The wide screen anamorphic (1.85:1) presentation on this DVD from MGM looks very clean and sharp, and the Dolby Digital 2.0 Mono audio comes through clearly. There are a couple of special features including the original 5-minute theatrical prologue that provides the audience an introduction to the five senses (when they started talking about the sense of taste, watch for some kid massacring an ice cream cone), a running audio commentary track with Roger Corman, and an original theatrical trailer.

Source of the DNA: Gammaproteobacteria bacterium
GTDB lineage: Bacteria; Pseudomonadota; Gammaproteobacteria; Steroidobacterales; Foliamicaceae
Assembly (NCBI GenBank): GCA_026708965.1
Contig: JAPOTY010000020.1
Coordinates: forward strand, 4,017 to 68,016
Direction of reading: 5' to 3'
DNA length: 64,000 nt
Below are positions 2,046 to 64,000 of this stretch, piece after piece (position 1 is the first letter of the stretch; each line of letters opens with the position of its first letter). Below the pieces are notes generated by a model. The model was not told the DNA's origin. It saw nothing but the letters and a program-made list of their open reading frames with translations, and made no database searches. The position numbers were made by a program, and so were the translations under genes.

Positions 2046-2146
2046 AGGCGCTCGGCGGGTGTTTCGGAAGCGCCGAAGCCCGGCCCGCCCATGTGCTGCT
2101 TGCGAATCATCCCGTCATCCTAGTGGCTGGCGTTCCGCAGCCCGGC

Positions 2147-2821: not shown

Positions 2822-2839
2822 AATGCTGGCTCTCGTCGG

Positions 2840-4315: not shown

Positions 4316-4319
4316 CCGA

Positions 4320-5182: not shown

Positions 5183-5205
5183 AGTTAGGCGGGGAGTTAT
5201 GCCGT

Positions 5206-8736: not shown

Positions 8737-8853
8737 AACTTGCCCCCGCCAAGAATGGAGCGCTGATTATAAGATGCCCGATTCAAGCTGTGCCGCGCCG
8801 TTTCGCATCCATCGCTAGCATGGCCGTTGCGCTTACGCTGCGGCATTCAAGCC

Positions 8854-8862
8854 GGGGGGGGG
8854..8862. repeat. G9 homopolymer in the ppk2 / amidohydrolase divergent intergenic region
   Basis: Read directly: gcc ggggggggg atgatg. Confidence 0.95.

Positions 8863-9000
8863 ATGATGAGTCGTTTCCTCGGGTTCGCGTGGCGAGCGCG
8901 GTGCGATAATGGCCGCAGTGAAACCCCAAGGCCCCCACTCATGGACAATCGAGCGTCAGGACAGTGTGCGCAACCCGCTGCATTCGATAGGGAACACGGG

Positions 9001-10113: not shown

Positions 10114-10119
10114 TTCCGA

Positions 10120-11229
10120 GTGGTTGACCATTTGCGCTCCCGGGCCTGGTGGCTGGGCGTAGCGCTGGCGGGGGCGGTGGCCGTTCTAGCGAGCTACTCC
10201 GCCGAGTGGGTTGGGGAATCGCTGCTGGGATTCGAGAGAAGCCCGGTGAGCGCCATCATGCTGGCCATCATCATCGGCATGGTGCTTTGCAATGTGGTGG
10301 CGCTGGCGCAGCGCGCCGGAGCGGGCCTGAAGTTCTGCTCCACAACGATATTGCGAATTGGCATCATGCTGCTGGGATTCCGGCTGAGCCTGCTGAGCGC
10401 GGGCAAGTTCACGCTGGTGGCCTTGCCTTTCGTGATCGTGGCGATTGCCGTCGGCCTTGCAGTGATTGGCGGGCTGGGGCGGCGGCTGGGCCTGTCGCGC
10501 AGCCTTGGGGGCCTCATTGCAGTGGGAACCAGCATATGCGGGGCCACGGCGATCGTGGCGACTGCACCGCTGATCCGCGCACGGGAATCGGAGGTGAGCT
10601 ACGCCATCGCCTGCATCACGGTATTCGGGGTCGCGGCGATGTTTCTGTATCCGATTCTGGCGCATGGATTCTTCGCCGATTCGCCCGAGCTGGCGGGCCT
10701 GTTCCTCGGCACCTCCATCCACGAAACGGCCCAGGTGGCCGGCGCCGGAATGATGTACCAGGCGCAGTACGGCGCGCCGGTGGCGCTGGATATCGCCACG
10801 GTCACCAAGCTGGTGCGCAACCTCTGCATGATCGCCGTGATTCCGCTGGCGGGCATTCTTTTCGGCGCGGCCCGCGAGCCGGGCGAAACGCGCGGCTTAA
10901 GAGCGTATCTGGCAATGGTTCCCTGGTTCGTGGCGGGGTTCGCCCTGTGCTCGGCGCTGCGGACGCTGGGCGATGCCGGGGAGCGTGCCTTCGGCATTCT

The most atypical and probably the best Roger Corman film
Lawrance M. Bernabo | The Zenith City, Duluth, Minnesota | 11/30/2002
(4 out of 5 stars)